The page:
Absolutely majestic nine and a half minutes of choppy guitars and moody basslines smother the debut release by Bauhaus on the Small Wonder imprint from 1979, also released on a very limited edition picture disc. The band had only been active for several weeks before the recording session that produced this classic.
I have not heard my copy of these records for well over 20 years. The way my speakers are now arranged, and the quality of my equipment in 2008 up in my ‘special’ room up the top of the house, makes the sound really special.
I am pretty sure this was a firm Kill Your Pet Puppy house favorite at the time of release.
Dedicating this post to Lena and Mike Old Bats of The Punk / Post Punk Tribe over in Quebec, Canada and also to anyone who ever wore pixie boots with a long dark coat.
Text below ripped from allmusic.com:
The group formed in 1978 in Northampton, England. Guitarist/vocalist Daniel Ash, bassist/vocalist David J (born David Jay Haskins), and drummer Kevin Haskins had played together as a trio called the Craze before forming Bauhaus with vocalist Peter Murphy. Originally, the band was called Bauhaus 1919 after the German art movement; by 1979, they had dropped the 1919 from their name.
In August of 1979, the group released their debut single, “Bela Lugosi’s Dead,” on the independent record label Small Wonder Records. Although it did not make the pop charts, it became the de facto goth rock anthem, staying in the U.K. independent charts for years. Three months later, the group signed with Beggars Banquet’s subsidiary label, 4AD. The group’s second single, “Dark Entries,” was released in January 1980. Following their first European tour, Bauhaus released their third single, “Terror Couple Kill Colonel,” in the summer of that year, which became a hit on the indie charts.
After touring America for the first time in September, the group released a version of T. Rex’s “Telegram Sam.” In October, they released their debut album, In the Flat Field, which reached number one on the independent charts and number 72 on the pop charts. The success of the album led to their first hits on the pop charts; both “Kick in the Eye” and “The Passion of Lovers” made the U.K. Top 60 in 1981. In October, they released their second album, Mask, which revealed a more ambitious musical direction; the new direction, which featured elements of metal and electronic sonic textures, made the music more accessible without abandoning the dark, foreboding core of their music. Mask was a commercial success, peaking at number 30 on the U.K. charts.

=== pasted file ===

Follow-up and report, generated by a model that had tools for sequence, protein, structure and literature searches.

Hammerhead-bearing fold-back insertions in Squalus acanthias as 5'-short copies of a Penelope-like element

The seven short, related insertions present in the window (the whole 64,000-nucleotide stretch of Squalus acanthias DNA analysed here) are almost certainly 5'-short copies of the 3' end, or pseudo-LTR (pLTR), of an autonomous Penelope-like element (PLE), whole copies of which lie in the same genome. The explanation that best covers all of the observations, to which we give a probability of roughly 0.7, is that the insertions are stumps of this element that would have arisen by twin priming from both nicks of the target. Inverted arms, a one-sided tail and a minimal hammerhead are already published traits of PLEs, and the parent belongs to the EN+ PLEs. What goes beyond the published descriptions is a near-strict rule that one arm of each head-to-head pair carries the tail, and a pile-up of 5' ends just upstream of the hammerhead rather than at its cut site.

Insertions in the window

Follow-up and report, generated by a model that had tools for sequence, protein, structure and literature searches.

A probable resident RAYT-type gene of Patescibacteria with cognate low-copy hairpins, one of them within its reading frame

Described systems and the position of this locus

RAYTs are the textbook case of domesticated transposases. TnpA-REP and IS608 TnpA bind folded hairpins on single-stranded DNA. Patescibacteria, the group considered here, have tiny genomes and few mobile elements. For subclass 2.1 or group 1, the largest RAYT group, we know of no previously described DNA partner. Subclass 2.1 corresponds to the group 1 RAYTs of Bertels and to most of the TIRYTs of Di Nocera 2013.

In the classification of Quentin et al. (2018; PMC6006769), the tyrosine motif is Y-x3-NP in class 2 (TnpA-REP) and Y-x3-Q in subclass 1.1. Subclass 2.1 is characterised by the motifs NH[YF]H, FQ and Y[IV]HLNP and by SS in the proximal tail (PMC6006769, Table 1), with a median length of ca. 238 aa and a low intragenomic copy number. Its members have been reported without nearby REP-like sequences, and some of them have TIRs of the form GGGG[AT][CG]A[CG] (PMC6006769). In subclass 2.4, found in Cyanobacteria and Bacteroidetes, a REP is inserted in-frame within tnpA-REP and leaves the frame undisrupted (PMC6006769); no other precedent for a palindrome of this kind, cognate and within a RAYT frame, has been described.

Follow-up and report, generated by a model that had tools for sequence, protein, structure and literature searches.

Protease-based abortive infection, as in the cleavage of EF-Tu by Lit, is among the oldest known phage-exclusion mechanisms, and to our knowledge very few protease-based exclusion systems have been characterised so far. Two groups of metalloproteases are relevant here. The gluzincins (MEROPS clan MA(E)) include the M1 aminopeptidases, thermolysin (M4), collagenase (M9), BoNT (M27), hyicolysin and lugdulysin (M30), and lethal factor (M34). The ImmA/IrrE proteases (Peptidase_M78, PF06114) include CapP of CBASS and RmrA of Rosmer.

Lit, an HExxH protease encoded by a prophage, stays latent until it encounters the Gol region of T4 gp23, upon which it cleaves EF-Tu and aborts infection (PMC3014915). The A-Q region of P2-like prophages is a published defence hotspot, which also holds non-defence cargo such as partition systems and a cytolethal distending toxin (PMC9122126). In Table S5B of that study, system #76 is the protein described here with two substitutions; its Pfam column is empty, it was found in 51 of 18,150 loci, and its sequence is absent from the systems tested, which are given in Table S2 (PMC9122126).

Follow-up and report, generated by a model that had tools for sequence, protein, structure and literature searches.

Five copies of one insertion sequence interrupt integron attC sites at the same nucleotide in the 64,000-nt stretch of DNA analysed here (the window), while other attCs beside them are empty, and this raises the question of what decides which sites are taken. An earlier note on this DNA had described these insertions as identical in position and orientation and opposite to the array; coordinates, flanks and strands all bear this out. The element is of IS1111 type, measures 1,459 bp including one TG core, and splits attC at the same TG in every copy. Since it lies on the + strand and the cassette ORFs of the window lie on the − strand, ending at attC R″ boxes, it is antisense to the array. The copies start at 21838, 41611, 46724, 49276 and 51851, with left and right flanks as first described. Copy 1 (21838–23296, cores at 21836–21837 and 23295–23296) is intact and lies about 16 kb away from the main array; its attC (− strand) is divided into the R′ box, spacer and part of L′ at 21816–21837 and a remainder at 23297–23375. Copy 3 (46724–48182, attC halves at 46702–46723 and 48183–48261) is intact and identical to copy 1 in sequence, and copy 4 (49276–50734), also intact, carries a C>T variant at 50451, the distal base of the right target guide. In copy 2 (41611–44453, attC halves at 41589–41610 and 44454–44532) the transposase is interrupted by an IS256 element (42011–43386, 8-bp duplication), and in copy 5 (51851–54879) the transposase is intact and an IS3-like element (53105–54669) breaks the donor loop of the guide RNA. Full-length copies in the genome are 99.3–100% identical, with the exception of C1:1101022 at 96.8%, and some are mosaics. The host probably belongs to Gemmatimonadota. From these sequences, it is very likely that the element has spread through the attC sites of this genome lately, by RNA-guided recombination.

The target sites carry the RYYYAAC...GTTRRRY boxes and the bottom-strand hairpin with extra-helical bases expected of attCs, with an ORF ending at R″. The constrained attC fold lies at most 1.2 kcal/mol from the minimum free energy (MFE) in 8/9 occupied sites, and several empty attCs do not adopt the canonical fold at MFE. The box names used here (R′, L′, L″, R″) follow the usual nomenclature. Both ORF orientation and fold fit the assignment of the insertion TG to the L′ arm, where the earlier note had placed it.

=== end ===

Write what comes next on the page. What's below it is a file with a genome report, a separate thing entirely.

In March of 1982, Bauhaus released the EP Searching for Satori, which reached number 45 on the U.K. charts; another successful single, “Spirit,” followed in the summer. That fall, the group had a number 15 hit with their version of David Bowie’s “Ziggy Stardust.” The success of the single propelled their third album, The Sky’s Gone Out, to number four on the album charts.
Murphy contracted pneumonia at the beginning of 1983, which prevented him from participating in the recording sessions for Bauhaus’ fourth album, Burning From the Inside. Consequently, the record featured substantial contributions from Ash and J, who both pursued more personal and atmospheric directions. After Murphy recovered, the band toured Japan and then returned to the U.K. to promote the summer release of Burning From the Inside. The album was another hit, peaking at number 13. In July, Bauhaus split up.